DeJong said he created the position to more effectively manage different divisions, hear their complaints and improve communications.

“When I got here everybody reported to the chief,” he said. “The idea was to reduce the number of people reporting directly to the chief.”

On the organization chart, the communications manager, IT coordinator, training coordinator and vehicle maintenance people report to the deputy chief, who reports to the chief.

According to the chief’s list of job duties, the deputy chief also handles cell phone contracts, which Kling thought could be done by someone on a lower level.

A couple of people said the cell phone issue had been previously assigned to a lower level, but it didn’t work out very well.

“There are meetings (the chief) doesn’t want to go to,” said Nick Boukas, the deputy chief. “The deputy chief runs interference to free the chief for more important things. I realize we only do five calls a day. But we have to look at our services. I feel we have to look at a traditional structure. You can’t look at it in a corporate manner.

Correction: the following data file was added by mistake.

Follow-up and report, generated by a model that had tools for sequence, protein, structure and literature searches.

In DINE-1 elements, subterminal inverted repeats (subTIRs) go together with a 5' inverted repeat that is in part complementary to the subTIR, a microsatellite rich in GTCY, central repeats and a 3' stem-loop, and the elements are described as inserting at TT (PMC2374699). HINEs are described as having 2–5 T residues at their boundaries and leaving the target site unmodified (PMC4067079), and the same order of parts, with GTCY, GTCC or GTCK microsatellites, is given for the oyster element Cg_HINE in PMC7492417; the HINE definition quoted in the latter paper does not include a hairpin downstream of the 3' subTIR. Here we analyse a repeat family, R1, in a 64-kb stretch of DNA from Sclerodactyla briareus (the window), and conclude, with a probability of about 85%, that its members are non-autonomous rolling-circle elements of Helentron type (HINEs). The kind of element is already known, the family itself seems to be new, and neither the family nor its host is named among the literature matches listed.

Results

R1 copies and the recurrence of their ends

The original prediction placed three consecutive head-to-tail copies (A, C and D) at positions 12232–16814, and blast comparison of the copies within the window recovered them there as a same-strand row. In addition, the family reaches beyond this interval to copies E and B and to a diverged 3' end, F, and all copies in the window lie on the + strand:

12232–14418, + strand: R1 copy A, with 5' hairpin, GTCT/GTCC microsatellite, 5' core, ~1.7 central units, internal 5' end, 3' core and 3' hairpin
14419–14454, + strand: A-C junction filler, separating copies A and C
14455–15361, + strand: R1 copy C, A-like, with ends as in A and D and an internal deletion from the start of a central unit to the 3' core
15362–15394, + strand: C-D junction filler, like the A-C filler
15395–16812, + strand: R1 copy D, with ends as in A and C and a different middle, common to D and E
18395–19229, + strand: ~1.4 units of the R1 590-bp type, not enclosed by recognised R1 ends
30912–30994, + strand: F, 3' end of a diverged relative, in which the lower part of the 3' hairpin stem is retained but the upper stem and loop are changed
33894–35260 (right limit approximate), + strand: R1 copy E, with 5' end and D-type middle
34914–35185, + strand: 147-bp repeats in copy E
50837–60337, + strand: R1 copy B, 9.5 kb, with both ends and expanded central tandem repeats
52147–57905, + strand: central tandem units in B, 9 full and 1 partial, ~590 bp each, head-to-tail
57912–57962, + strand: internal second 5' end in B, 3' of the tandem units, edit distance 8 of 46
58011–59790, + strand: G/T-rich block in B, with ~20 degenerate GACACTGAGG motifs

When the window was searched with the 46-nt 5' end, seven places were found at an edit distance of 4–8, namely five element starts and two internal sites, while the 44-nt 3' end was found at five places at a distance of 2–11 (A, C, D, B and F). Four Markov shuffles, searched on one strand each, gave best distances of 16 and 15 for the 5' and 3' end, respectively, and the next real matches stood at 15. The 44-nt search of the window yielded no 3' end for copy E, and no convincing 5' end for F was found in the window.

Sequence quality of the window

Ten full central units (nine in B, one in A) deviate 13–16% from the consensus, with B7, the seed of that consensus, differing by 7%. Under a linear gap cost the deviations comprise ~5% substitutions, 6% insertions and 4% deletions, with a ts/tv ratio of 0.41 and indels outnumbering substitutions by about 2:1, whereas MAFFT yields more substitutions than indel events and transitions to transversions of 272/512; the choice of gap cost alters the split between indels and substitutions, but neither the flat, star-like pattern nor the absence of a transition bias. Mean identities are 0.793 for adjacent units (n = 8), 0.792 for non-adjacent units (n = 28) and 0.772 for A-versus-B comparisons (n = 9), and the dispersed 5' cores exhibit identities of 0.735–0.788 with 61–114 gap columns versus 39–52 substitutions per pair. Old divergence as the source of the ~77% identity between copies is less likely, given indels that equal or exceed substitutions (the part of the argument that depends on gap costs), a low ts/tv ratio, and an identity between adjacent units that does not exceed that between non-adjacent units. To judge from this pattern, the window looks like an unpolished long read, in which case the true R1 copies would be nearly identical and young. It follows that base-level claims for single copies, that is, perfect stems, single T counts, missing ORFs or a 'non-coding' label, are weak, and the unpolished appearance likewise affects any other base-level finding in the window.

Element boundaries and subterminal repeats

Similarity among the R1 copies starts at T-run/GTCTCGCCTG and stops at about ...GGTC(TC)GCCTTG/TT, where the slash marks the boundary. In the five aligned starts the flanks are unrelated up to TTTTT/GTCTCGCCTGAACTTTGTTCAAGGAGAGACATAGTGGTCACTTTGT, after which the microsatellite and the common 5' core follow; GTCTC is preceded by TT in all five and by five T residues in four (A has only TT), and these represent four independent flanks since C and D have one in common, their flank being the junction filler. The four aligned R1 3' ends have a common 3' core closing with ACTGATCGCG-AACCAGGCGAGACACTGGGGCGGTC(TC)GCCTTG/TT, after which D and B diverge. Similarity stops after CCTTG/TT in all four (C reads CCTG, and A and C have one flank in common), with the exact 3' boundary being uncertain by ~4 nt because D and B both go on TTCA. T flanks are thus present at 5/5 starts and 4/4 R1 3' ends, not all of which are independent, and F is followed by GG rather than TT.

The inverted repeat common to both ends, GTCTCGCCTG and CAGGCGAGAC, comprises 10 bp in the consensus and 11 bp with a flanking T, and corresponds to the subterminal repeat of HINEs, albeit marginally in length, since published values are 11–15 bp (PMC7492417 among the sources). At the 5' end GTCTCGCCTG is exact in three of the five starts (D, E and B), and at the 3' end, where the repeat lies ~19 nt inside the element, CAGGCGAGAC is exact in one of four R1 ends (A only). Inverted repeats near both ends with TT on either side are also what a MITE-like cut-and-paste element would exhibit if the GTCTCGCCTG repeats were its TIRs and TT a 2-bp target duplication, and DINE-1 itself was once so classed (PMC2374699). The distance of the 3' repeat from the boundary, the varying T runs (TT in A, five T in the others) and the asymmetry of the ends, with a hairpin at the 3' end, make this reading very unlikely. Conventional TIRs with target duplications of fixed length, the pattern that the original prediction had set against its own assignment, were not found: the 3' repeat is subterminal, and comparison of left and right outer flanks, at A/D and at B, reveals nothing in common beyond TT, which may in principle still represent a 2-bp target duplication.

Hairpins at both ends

“We are more involved in the community. We increased our number of school visits. … We are all stepping up to take care of the (duties required) by the part-time admin position (which was eliminated).”

But Kling seemed unconvinced of the need for both a deputy chief and a chief.

“We went from no chief to two in a short period of time,” he said, referring to the period before the department hired Joel Janov as its second paid chief ever.

“You have to put a harness on it somehow,” said board member Charles Simons.

“We built stations with no money before. Everybody here is still floating on the same pendulum while others are cutting salaries by 10 percent,” said board member Jeff Dedisse.

Kling said he thought the main achievement of the meeting was getting the training coordinator job “redirected.” He said he didn’t have a future plan or next step in mind other than to keep making sure the department is making the most of its resources.